Dreier’s moral condemnation is typical of political sectarianism. Academic extremists routinely sociopathologically denounce, on supposed ethics grounds, academic behavior that is normative, if they do not like the argument. My favorite example of this was this denunciation of normal peer review processes by an outrage mob of a paper that was critical of diversity, equity, and inclusion initiatives (among other sins). From the online petition to retract the paper (which succeeded):;
“This essay was submitted, sent out for peer-review, accepted, and published. This does not happen by accident. We, as a group, denounce the essay itself and the process by which it was published” (emphasis added). .
They denounced normal academic publishing processes because the mob did not like the paper. Much as did Dreier.
Then there is this douzy by PZ Myers (see the “screechy monkey” comment on the Wikipedia talk page screenshotted below).
Ole PZ makes a zillion different points, nearly all wrong regarding our paper, but here I’ll just focus on one as illustration. He claims:
The first big problem, and one that plagues the whole paper, is that merit isn’t actually defined.
This is Figure 2 from the paper:
Of course, the “importance” of any given discovery, talk or paper may be pretty subjective until the fullness of time has weighed in. As our paper repeatedly acknowledged, scientists’ biases may creep in to influence judgments of merit. Nonetheless, we now know that discoveries that cigarettes cause cancer, that bacteria, not stress, cause ulcers and that genes influence many physical and psychological characteristics are pretty important, each of which was doubted, controversial or even dismissed at the time. It also took some time to discover that certain ideas lack merit (e.g., thalidomide is not safe to administer to women who are or might be pregnant; the implicit association test does not measure “unconscious racism”).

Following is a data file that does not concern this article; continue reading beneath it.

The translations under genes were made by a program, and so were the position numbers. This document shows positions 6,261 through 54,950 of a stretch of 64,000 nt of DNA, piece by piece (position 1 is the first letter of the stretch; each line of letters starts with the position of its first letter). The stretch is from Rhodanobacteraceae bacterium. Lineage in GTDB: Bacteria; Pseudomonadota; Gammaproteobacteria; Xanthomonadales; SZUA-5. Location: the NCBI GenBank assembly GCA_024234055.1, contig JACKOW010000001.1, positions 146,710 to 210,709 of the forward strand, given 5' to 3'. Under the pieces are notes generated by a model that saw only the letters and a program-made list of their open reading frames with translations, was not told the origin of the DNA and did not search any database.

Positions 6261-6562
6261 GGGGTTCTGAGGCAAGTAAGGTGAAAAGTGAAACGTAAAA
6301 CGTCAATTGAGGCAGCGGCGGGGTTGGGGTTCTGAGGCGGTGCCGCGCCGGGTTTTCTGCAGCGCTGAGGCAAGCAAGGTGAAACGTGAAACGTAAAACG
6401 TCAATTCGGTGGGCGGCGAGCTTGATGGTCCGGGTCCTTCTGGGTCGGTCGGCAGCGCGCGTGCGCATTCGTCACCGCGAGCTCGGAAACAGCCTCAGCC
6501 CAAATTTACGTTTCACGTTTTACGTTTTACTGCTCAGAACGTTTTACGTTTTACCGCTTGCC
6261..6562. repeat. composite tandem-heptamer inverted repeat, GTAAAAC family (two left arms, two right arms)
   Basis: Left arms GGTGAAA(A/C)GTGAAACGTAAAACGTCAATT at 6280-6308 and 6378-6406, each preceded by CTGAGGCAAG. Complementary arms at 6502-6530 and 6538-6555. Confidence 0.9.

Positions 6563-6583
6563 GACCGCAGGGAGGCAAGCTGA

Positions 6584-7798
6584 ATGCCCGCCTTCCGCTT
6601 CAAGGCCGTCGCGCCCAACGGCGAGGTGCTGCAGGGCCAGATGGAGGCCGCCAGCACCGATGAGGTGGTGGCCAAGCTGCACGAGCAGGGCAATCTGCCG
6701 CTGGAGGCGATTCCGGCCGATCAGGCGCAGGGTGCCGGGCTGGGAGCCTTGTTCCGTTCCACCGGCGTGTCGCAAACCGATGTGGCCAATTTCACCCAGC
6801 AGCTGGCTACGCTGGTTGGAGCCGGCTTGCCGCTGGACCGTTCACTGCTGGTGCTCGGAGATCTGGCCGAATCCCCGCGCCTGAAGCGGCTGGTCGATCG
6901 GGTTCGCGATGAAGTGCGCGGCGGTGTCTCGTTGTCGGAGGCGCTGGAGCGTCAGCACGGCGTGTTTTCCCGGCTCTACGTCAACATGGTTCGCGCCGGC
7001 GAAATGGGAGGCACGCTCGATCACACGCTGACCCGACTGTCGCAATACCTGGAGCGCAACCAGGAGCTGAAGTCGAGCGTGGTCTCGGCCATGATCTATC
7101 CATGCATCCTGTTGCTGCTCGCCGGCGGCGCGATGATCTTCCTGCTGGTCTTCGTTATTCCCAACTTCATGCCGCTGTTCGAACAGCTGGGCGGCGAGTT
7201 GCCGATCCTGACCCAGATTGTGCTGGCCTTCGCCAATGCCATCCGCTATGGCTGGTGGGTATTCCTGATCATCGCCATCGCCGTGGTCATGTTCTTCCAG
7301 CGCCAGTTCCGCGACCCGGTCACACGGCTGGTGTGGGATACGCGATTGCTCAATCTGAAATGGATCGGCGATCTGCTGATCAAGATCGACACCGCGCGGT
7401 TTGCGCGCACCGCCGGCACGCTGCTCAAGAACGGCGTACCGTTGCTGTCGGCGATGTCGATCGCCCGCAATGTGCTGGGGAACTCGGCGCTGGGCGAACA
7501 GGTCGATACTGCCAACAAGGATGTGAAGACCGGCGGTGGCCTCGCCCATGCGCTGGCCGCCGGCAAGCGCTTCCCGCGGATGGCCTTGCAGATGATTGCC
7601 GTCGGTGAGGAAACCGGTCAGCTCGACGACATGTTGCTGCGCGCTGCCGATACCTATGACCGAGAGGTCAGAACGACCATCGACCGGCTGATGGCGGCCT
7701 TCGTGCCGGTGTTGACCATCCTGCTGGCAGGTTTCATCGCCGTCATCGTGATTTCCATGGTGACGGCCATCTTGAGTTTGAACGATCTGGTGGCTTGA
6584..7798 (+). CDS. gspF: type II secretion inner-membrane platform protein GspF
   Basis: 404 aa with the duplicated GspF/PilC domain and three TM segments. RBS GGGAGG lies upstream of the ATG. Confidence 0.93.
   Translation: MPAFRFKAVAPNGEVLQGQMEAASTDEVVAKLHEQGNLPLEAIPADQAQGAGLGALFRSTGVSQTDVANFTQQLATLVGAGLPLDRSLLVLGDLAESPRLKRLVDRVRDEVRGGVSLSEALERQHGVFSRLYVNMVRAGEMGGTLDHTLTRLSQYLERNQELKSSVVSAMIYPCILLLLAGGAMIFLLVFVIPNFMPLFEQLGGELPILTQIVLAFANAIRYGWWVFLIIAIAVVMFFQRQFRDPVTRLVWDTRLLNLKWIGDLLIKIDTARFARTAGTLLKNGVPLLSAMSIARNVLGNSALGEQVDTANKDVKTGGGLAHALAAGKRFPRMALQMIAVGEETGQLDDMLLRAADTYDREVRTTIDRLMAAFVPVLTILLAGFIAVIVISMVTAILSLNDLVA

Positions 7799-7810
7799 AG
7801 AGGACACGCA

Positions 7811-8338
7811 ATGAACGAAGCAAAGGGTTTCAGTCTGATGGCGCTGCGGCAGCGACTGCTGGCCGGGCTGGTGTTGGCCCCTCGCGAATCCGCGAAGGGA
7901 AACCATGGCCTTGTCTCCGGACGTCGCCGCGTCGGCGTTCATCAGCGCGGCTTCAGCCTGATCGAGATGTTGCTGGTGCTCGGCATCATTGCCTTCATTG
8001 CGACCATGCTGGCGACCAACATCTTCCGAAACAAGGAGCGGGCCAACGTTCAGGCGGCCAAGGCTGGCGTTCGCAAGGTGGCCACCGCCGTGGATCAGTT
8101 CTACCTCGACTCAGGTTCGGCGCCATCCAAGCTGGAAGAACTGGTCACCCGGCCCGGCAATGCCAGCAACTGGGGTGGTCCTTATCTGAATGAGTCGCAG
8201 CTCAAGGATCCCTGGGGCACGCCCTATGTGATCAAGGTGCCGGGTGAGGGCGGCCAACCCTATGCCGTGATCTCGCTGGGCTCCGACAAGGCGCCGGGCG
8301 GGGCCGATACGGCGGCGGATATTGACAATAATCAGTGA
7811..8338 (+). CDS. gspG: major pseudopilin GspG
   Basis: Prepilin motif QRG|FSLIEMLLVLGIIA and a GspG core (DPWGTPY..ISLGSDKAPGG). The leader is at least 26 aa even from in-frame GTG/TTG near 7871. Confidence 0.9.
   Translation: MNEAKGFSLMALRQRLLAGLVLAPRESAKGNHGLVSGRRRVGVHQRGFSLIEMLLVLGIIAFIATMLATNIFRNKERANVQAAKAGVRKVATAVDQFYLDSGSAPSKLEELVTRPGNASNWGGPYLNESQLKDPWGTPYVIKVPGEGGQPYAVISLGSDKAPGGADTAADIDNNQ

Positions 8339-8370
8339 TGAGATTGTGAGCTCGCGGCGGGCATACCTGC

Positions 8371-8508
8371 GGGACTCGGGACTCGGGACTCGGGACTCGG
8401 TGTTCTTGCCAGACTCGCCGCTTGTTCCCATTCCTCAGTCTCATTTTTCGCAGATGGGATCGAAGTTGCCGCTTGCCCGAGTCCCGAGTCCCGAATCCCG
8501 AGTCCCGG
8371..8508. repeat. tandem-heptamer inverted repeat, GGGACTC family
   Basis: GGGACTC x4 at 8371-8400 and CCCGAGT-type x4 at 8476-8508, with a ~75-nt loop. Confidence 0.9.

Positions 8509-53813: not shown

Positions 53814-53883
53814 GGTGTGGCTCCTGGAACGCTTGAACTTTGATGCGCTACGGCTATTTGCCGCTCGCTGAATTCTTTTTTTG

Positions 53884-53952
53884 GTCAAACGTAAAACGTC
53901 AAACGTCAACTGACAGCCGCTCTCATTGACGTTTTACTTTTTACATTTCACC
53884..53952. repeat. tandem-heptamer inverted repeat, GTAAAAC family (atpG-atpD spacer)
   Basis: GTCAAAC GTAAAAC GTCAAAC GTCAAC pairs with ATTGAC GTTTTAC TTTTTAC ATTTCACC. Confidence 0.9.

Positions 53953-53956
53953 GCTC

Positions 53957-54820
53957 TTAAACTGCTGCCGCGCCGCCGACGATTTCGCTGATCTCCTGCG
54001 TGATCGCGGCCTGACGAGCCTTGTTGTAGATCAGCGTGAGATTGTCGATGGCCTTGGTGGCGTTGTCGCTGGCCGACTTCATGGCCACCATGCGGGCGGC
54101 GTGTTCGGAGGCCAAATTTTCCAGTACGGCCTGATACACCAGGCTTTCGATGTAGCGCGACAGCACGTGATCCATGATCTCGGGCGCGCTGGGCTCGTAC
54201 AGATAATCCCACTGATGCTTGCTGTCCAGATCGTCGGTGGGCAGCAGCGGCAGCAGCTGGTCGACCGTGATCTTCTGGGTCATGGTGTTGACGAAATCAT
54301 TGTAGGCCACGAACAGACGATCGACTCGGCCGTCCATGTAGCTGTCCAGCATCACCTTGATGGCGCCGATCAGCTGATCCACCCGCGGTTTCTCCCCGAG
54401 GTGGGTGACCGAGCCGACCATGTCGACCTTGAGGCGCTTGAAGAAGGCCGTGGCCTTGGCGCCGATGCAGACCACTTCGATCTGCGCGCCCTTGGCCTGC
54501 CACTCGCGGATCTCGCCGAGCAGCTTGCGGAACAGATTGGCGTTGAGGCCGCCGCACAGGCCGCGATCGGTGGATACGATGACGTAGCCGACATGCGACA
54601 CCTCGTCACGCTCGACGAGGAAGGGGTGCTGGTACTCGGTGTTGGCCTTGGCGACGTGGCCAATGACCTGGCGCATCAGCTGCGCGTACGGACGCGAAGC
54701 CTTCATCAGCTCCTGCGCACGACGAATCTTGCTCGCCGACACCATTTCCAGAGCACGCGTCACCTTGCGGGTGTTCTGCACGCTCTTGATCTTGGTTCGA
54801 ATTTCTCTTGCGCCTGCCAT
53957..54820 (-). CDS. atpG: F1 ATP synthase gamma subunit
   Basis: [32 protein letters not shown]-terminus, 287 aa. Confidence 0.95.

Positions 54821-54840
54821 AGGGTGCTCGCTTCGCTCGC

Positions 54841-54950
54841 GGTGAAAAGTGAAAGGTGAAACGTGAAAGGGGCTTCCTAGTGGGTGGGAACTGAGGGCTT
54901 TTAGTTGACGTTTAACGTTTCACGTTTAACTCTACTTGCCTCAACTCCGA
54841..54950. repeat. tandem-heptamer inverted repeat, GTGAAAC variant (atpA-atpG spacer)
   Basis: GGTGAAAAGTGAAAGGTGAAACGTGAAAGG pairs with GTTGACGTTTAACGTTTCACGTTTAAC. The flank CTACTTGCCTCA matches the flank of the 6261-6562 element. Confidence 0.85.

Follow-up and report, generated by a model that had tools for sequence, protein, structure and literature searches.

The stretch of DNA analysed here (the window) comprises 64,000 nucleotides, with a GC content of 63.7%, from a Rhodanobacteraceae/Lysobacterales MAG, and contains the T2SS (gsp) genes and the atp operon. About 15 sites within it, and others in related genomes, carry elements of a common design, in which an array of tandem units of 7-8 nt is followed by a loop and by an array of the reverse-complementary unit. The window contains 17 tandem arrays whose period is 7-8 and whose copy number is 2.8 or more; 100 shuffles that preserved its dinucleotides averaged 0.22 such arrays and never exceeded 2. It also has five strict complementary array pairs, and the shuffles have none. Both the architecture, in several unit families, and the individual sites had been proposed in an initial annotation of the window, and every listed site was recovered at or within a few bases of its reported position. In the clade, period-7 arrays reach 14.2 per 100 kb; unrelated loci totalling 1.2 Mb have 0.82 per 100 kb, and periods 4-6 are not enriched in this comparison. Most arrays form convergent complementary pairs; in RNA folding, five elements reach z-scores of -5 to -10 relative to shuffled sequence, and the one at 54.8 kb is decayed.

Moving right along, here are some quotes from PZ’s blog:
It’s an expansion of the Grievance Studies nonsense, and Boghossian is one of the authors, while Helen Pluckrose and James Lindsay are cited, and if authors are not on the staff of the University of Austin, at least some of them are publishing opinion pieces in Quillette. Basically, it’s a collection of right-wing ideologues complaining about ideology, unaware that it’s ideology all the way down.
Then screw you, McWhorter. (John McWhorter is one of the co-authors of the Merit paper).
And of course, in the inevitable, all-too-familiar move among the progressive left when dealing with those whose views they oppose:
That was seriously one of the worst papers I’ve ever read, and I read creationist drivel — it’s just that the Krylov paper actually has some respectable authors attached to it, although their respectability is greatly diminished by their association with the racist apologetics in this badly written paper.
Faux Sophisticated Criticisms
If you go to the NYTimes reader replies to Pamela Paul’s essay on our paper, you will discover that most people were overwhelmingly supportive. The first two (when I checked, on 6/6/23, both were dated May 5). Marvin wrote: “"Citation justice" is one of the most absurd and petty proposals I've ever heard of.” And “L” wrote, “I find this [that merit needs to be defended] baffling and shocking.” But when the NYTimes curated “readers’ responses” they published a handful that were mostly critical-to-hostile. According to one, we “exacerbate the panic over the alleged subservience of academia to ‘so-called’ political correctness.” Another is a bizarre mini-rant about genetics and scientific racism. But my “favorite” is this one:
This is a brilliant work of bullshit, by someone who has written a book about identifying bullshit. (Nietzche quotes about abysses and monsters come to mind). Bullshit refers not to lies, exactly, but to a flagrant disregard for the truth. Each of Bergman’s statements are, by themselves, at least mostly true (not so sure about the “implication” part but whatever) but the totality is bullshit. They are red herrings, irrelevant to both Pamela Paul’s NYTimes essay, and, more important, to our paper (did Bergstrom even read the actual paper?). Here is what Pamela Paul actually wrote:
The authors argue that science should instead be independent, evidence-based and focused on advancing knowledge.
This sounds entirely reasonable.